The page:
In this one, Avisail Garcia drove a belt-high breaking pitch from Bauer into the left-center bleachers with two outs in the first to put the White Sox ahead 2-0.

Cleveland scored three runs with two outs in the third off Shields for a 3-2 lead. Jose Ramirez drove in the first run with a sharp single. After the Indians loaded the bases, Alonso’s single drove in two more.

Bauer allowed singles to Leury Garcia and Daniel Palka with two outs in the bottom half, but escaped on Avisail Garcia’ soft comebacker.

Gomes’ solo shot in the fourth made it 4-2.

TRAINER’S ROOM

Indians: OF Michael Brantley left the game in the sixth with a right calf contusion.

White Sox: Avisail Garcia, an All-Star in 2017 who finished second in the AL with a .330 batting average, said he has played with discomfort in his right knee during all of 2018 and will have surgery in the offseason. Garcia didn’t disclose the injury, but said “it’s nothing major” and he expects to be 100 percent for spring training. Garcia, who started in right field on Tuesday, is hitting .238 with 19 homers and 48 RBI in 89 games. … LF Nicky Delmonico left the game in the fifth with right shoulder soreness after making a diving catch on Francisco Lindor’s liner.

UP NEXT:

Indians RHP Shane Bieber (10-5, 4.80) starts on Wednesday against White Sox LHP Jace Fry (2-2, 4.32)

Trevor Bauer Jersey

Trevor Bauer doesn’t really care if you like him.

“Like me. Love me. Hate me. Whatever. Hopefully, you just remember who I was,” he told reporters last week at the All-Star Game in Washington, D.C.

He’s certainly making his 2018 season worth remembering. Bauer threw seven scoreless innings in the Cleveland Indians’ 4-0 victory over the Pirates on Wednesday, snapping Pittsburgh’s 11-game win streak and improving his season numbers to 9-6 with a 2.32 ERA.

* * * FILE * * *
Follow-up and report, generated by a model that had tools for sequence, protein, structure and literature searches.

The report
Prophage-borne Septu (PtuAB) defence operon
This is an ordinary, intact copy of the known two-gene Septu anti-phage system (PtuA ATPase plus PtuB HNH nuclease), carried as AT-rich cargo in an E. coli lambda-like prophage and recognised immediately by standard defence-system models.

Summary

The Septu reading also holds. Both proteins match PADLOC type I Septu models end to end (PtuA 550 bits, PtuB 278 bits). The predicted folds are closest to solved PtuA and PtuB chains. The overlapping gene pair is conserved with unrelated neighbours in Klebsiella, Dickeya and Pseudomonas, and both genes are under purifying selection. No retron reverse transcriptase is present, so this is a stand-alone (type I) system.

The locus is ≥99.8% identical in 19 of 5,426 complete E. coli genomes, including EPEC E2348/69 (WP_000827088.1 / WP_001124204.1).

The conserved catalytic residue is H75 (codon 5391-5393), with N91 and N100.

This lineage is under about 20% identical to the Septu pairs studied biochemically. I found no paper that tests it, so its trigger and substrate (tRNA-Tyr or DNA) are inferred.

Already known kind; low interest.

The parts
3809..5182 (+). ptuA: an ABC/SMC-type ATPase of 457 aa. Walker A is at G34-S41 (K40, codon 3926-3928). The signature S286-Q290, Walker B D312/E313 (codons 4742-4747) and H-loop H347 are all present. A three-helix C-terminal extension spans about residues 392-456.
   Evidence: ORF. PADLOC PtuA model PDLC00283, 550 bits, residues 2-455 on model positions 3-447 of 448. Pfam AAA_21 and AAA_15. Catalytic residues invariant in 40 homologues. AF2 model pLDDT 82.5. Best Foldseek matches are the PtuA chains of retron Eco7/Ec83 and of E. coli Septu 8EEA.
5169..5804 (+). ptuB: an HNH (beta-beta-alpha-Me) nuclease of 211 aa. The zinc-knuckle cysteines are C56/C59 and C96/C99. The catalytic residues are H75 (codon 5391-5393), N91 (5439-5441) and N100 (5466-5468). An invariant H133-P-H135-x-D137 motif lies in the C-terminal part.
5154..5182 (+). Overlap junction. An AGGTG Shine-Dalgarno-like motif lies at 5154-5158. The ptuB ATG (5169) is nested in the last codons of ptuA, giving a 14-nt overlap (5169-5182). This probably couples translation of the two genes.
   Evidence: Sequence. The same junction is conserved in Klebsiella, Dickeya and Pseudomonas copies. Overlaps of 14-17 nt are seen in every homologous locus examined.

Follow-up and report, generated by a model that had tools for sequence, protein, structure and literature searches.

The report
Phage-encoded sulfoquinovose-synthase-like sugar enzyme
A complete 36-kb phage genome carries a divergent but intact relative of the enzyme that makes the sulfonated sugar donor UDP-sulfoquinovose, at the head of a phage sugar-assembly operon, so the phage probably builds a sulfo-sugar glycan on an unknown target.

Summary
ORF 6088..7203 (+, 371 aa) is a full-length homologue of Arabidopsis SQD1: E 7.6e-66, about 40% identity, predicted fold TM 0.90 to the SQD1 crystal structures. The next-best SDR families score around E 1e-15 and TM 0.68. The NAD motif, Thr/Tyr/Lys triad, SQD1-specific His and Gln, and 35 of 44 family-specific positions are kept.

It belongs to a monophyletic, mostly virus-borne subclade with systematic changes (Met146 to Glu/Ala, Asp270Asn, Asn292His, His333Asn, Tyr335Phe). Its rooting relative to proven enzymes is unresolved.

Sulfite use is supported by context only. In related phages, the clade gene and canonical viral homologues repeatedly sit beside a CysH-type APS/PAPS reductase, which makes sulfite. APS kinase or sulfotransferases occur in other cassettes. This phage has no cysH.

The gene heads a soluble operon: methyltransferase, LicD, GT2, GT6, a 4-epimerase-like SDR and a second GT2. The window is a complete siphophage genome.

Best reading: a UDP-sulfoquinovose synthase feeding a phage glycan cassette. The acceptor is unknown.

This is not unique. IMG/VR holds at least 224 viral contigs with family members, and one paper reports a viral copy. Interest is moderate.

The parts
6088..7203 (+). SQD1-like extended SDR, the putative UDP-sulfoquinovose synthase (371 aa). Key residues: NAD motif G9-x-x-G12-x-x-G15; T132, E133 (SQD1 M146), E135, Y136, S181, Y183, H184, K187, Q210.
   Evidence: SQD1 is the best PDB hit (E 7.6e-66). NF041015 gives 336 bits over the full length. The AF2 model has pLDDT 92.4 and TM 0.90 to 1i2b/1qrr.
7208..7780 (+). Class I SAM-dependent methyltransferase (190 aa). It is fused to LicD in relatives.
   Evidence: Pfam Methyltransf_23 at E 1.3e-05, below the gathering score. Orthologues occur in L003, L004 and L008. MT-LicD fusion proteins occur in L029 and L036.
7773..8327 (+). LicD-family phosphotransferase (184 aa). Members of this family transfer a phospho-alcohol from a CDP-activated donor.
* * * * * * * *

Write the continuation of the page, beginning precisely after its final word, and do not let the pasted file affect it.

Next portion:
In a crowded American League Cy Young field, Bauer is right up there alongside Chris Sale, Justin Verlander and Luis Severino as one of the favorites, with Corey Kluber, Blake Snell and Gerrit Cole also in the mix. Bauer leads the league in innings (3 2/3 more than Verlander), is second to Sale in strikeouts (197 to 192), ranks fifth in ERA (2.32 to Sale’s 2.13) and is fourth in OPS allowed.

Bauer has long been a favorite of statheads for his obsessive dedication to analytics, but he never put everything together over his first four full seasons, with a 4.30 ERA and zero seasons with an ERA under 4.00. He made the news less for his pitching and more often for his off-the-field pursuits (playing with drones) and his Twitter spats (earlier this season, he accused Astros pitchers of illegally doctoring baseballs to improve their spin rates).

Some believed Bauer made improvement in the second half of last season, when he lowered his first-half ERA from 5.24 to 3.01. I wasn’t buying that because the big difference in his splits was mostly a result of sequencing. Check his opponents’ batting line:

First half: .269/.333/.454
Second half: .263/.324/.436

This year’s improvement is real, however, and it comes courtesy of an improved slider that he’s throwing a lot more often, giving him a big strikeout weapon. Against the Pirates, five of Bauer’s 10 strikeouts came on the slider, but adding another weapon to his arsenal has made his fastball more effective. Last season, he used his slider just 1.7 percent of the time; this year, he has used it nearly 15 percent of the time, and batters are hitting just .081 against it in 138 plate appearances that have ended with the pitch.

As a result, he has increased his overall strikeout rate from 26.2 percent to 31.6 percent while lowering his batting average allowed from .266 to .212. His results with two strikes are vastly more dominant: